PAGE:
determined from Figs. 15-33 and 15-52 to be:

Without spin:
With spin:

CD = 0.48
CD = 0.58

(Fig. 15-33)
(Fig. 15-52)

Then the increase in the drag coefficient due to spinning becomes

Increase in C D 

C D ,spin  C D, no spin
C D , no spin

0.58  0.48
 0.21 (or 21%)
0.48

Therefore, the drag coefficient increases 21% in this case because of spinning.
Discussion Note that the Reynolds number for this problem is 5.122104 which is close enough to 6104
for which Fig. 15-52 is prepared. Therefore, the result obtained should be fairly accurate.

15-63

Chapter 15 Flow Over Bodies: Drag and Lift
15-103 The total weight of a paratrooper and its parachute is given. The terminal velocity of the paratrooper
in air is to be determined.
Assumptions 1 The air flow over the parachute is turbulent so that the tabulated value of the drag
coefficient can be used. 2 The variation of the air properties with altitude is negligible. 3 The buoyancy
force applied by air to the person (and the parachute) is negligible because of the small volume occupied
and the low air density.
Properties The density of air is given to be 1.20 kg/m3. The drag coefficient of a parachute is CD = 1.3
(Table 15-2).
Analysis The terminal velocity of a free falling object is reached when the drag force equals the weight of
the solid object, less the buoyancy force applied by the fluid, which is negligible in this case,

FD  W  FB

where

FD  C D A

 f V2
2

,

W  mg  950 N,

and FB  0
8m

where A = D2/4 is the frontal area. Substituting and simplifying,

CD A

 f V2
2

W

2
D 2  f V
 CD
W
4
2

Solving for V and substituting,

V

8W
2

C D D  f

 1 kg  m/s 2

1N
1.3 (8 m) 2 (1.20 kg/m 3 ) 

8(950 N)

  4.9 m/s

950 N

Therefore, the velocity of the paratrooper will remain constant
when it reaches the terminal velocity of 4.9 m/s = 18 km/h.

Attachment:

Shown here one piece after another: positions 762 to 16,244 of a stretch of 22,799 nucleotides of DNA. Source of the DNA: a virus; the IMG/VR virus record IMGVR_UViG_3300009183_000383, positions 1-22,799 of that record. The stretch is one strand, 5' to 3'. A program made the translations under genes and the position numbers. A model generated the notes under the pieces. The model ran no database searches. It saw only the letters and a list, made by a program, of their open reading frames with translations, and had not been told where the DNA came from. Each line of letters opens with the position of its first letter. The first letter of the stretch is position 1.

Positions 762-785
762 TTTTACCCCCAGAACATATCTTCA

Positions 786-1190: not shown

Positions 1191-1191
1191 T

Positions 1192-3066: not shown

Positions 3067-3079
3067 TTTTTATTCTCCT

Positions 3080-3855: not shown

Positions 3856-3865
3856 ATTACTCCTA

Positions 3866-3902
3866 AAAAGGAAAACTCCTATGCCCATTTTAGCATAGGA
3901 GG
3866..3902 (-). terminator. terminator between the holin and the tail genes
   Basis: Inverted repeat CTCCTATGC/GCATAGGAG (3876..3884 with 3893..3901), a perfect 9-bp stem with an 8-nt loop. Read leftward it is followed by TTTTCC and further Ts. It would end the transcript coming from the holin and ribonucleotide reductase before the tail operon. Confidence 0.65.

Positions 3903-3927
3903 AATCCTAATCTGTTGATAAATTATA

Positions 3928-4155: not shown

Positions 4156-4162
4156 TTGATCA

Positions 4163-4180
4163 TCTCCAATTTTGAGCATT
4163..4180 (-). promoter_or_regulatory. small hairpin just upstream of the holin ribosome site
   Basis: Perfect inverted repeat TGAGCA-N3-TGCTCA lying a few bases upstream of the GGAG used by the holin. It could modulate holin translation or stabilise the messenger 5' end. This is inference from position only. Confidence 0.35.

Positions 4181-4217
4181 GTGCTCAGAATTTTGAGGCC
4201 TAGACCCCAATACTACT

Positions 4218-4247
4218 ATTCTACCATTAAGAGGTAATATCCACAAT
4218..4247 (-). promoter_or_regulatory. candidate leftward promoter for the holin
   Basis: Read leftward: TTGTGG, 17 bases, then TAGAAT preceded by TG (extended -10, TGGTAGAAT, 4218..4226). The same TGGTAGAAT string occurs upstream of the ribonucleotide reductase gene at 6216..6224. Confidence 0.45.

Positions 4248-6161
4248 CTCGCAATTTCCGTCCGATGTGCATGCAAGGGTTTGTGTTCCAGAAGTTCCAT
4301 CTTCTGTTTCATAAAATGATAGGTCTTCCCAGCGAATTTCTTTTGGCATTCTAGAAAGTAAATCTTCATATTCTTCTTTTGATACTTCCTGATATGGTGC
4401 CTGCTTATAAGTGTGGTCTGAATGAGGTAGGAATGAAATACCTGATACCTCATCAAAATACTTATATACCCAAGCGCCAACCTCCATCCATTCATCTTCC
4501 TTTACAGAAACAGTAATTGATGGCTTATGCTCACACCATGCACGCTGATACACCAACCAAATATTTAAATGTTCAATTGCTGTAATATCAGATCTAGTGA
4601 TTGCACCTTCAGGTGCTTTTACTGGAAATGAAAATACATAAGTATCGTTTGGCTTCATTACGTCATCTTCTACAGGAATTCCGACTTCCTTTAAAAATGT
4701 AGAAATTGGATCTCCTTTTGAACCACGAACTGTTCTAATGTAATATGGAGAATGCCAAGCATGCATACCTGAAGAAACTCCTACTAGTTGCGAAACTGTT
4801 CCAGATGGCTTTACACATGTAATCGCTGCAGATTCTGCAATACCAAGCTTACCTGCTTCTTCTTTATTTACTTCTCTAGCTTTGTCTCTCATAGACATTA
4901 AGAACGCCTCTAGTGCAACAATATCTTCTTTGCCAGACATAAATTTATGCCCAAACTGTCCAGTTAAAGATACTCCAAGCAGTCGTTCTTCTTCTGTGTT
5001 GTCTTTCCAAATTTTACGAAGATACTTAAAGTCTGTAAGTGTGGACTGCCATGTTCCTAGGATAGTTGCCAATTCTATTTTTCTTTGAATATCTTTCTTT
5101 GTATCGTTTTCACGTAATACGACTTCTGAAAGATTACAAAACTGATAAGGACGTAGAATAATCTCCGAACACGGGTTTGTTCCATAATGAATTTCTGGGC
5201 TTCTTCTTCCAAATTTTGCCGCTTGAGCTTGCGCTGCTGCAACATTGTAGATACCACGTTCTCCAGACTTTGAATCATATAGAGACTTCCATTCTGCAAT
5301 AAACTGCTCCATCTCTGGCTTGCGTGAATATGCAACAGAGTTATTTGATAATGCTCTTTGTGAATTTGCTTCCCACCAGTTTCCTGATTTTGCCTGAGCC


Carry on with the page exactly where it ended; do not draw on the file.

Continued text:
Discussion The simple analysis above gives us a rough value for the terminal velocity. A more accurate
answer can be obtained by a more detailed (and complex) analysis by considering the variation of air
density with altitude, and by considering the uncertainty in the drag coefficient.

15-64

Chapter 15 Flow Over Bodies: Drag and Lift
15-104 A fairing is installed to the front of a rig to reduce the drag coefficient. The maximum speed of the
rig after the fairing is installed is to be determined.
Assumptions 1 The rig moves steadily at a constant velocity on a straight path in calm weather. 2 The
bearing friction resistance is constant. 3 The effect of velocity on the drag and rolling resistance
coefficients is negligible. 4 The buoyancy of air is negligible. 5 The power produced by the engine is used
to overcome rolling resistance, bearing friction, and aerodynamic drag.
Properties The density of air is given to be 1.25 kg/m3. The drag coefficient of the rig is given to be CD =
0.96, and decreases to CD = 0.76 when a fairing is installed. The rolling resistance coefficient is CRR = 0.05.
Analysis The bearing friction resistance is given to be Fbearing = 350 N. The rolling resistance is

1N
FRR  C RRW  0.05(17,000 kg)(9.81 m/s 2 )
 1 kg  m/s 2

  8339 N

The maximum drag occurs at maximum velocity, and its value before the fairing is installed is

FD1  C D A

V12
(1.25 kg/m 3 )(110 / 3.6 m/s) 2
 (0.96)(9.2 m 2 )
2
2

1N
 1 kg  m/s 2

  5154 N

Power is force times velocity, and thus the power needed to overcome
bearing friction, drag, and rolling resistance is the product of the sum of
these forces and the velocity of the rig,

W total  W bearing  W drag  W RR  ( Fbearing  FD  FRR )V
1 kW


 (350  8339  5154)(110 / 3.6 m/s)

 1000 N  m/s 
 423 kW
The maximum velocity the rig can attain at the same power of 423 kW after the fairing is installed is
determined by setting the sum of the bearing friction, rolling resistance, and the drag force equal to 423
kW,


V22